Since the inception of this administration three years ago, a lot has changed in the operations of the Nigerian military, especially as it borders on the morale of officers and soldiers who, at a point, have had to confront the Boko Haram terrorists with bare hands, literally. Until May, 2015, Nigerians were witnesses to how millions of dollars were misappropriated by service chiefs. During that period, Nigerians were befuddled by the seizure of about $15 million by South African government from top government security functionaries who travelled to that former apartheid enclave with the volume of cash allegedly to buy arms.
All that changed when, on the orders of President Muhammadu Buhari, there was a total overhaul of the financial management of the armed services to forestall a repeat of those ugly days and to ensure that budgetary stipulations are followed to the letter. With the welfare of the fighting forces been taken care of, benefits are paid and the wounded are empathised with. It has been a morale booster for officers.
The psychological implication of this can be outstanding. In warfare, psychology offers a unique and powerful asset in military operations. It is even so in peacetime. Without doubt, this also affects the opponent, in this case the terrorists, in the sense that when news goes round about procurement of hardware like the super Tucano Fighter Jets, it sends shivers down their spine.
This effort to restore transparency and accountability in the operations of the military is deliberate and it may not sound pleasant to the ears of Amnesty International and other like minds who, out of mischief, allege that the military is not adhering to the rules of engagement in the ongoing fight against Boko Haram terrorists in the Northeast. For them, the military is violating human rights and indulging in extrajudicial killings of innocent people in the theatre of war. But, if they are conversant with military operations as they make the world believe, they ought to know that wars are either symmetric or asymmetric. They should know that the fight against Boko Haram terrorists is not a conventional war. It is an asymmetric war. Asymmetric war is one between belligerents whose relative military powers differ significantly, or whose strategy or tactics differ significantly. This is typically a war between a standing, professional army, and an insurgency or resistance movement.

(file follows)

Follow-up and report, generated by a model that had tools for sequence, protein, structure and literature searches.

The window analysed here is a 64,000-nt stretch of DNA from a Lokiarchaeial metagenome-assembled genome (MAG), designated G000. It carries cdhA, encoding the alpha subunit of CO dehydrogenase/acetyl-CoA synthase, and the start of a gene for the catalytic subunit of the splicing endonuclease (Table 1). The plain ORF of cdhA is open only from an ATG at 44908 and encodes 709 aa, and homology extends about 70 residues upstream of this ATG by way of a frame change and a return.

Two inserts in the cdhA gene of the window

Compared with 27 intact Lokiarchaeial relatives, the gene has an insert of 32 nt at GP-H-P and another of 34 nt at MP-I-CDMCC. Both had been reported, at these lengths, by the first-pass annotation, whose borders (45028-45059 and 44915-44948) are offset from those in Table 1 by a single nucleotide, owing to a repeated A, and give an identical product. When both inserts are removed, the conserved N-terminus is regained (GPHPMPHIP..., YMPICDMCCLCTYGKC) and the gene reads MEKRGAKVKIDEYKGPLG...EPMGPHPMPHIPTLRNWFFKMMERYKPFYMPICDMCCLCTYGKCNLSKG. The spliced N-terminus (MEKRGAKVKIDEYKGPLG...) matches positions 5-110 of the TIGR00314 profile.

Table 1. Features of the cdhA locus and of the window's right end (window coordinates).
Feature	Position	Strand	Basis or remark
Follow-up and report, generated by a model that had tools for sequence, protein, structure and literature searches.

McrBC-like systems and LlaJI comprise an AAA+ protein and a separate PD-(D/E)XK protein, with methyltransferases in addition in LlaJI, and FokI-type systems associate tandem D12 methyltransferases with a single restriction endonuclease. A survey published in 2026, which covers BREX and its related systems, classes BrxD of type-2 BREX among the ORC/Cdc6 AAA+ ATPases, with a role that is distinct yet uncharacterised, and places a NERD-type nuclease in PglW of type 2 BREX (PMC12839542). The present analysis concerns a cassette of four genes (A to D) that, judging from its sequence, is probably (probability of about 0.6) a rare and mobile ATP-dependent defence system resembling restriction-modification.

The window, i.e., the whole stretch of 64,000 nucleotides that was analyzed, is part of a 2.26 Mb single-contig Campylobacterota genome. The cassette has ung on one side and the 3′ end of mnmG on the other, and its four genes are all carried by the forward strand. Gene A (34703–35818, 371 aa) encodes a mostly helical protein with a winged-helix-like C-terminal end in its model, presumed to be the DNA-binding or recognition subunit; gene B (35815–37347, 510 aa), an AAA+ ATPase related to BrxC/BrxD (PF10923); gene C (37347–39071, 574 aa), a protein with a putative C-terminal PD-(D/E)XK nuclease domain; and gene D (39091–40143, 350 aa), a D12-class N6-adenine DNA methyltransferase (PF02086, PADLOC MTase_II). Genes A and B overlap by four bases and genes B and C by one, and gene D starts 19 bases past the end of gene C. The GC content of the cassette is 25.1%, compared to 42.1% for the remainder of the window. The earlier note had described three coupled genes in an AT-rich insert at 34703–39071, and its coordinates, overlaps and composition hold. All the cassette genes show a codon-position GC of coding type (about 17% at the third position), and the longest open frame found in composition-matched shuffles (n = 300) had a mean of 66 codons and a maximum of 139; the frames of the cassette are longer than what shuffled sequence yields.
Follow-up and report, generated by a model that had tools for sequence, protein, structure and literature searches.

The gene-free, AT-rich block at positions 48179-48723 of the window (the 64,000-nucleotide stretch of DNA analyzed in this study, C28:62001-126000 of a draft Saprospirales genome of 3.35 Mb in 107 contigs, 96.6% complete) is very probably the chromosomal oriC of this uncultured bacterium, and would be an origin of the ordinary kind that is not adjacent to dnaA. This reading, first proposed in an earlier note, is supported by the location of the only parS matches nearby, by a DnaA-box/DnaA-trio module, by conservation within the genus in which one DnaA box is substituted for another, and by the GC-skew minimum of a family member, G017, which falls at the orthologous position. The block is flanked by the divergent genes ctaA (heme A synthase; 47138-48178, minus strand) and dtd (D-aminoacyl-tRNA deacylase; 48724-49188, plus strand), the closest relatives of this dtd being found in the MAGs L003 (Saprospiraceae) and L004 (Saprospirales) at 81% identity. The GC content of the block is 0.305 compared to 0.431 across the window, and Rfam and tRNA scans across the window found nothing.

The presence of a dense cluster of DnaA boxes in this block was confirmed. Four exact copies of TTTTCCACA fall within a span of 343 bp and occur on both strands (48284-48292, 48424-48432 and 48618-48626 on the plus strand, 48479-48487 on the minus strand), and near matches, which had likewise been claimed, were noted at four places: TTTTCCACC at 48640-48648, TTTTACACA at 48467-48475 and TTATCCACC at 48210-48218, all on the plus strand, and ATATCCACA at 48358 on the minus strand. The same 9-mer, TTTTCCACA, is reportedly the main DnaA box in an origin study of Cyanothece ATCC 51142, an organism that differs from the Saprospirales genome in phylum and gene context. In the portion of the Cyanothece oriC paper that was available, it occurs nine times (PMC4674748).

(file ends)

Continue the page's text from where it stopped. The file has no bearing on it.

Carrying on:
The Nigerian military, in our opinion, is on record to have been viciously attacked by Amnesty International and its agents in Nigeria. As a self-imposed watchdog, Amnesty International, in the eyes of more discerning analysts, has its own fair share of credibility problem judging from its inability to find a balance between the civil liberties of people and the national security needs of sovereign independent nations. When the terrorists capture, torture or kill their captives, take hostages, or commit crimes against humanity, Amnesty International feigns ignorance. This much has been the case, hence the widespread criticism it has received in most countries, including Nigeria.
Notwithstanding, it is the view of this newspaper that the past three years under review have seen tremendous improvements in the operations of the Nigerian Army under the leadership of Lt. Gen Tukur Buratai. There are measurable indices to support this assertion. His command of Nigerian troops in the prosecution of the counterinsurgency war as well as the army’s compliance with internationally laid down rules of engagement have spurred commendations in his favour.
It is reassuring, in our opinion, that within his ongoing tour of duty, Buratai and the Nigerian Army were conferred with awards of patriotism and excellence by THE NIGERIAN News Portal at The Dorchester, in the City of Westminster. The Chief of Army Staff was also conferred with the Brazilian Military Order of Merit Award at Brasilia, Brazil. The Brazilian Military Order of Merit Award, which is the highest military honour, is awarded to those military officers who have distinguished themselves in various military endeavours.
The United States also commended the operational efforts of the Nigerian Army in the counter-terrorism war in North-East Nigeria through the US Ambassador to Nigeria. Similarly, a recent appraisal of the counter-insurgency campaigns in Nigeria, especially the Northeast, by the United Nations (UN) also applauded as exemplary Nigerian Army’s professional hold on Boko Haram terrorism and insurgency as conforming to international best practices. Additionally, the United Nations Security Council (UNSC) led by its president, Ambassador Mathew Rycroft, expressed same views about Nigerian troops fighting the counter-insurgency war when they were in Nigeria on assessment tour.
It is pertinent to note that the leadership of the Nigerian Army under the direct supervision of President Buhari is returning the army and, indeed, the entire military to their pristine glory. The remarkable attention to standards of discipline and professionalism through the enforcement of a commensurate rewards and punishment system in the force have restored confidence in them by Nigerians.
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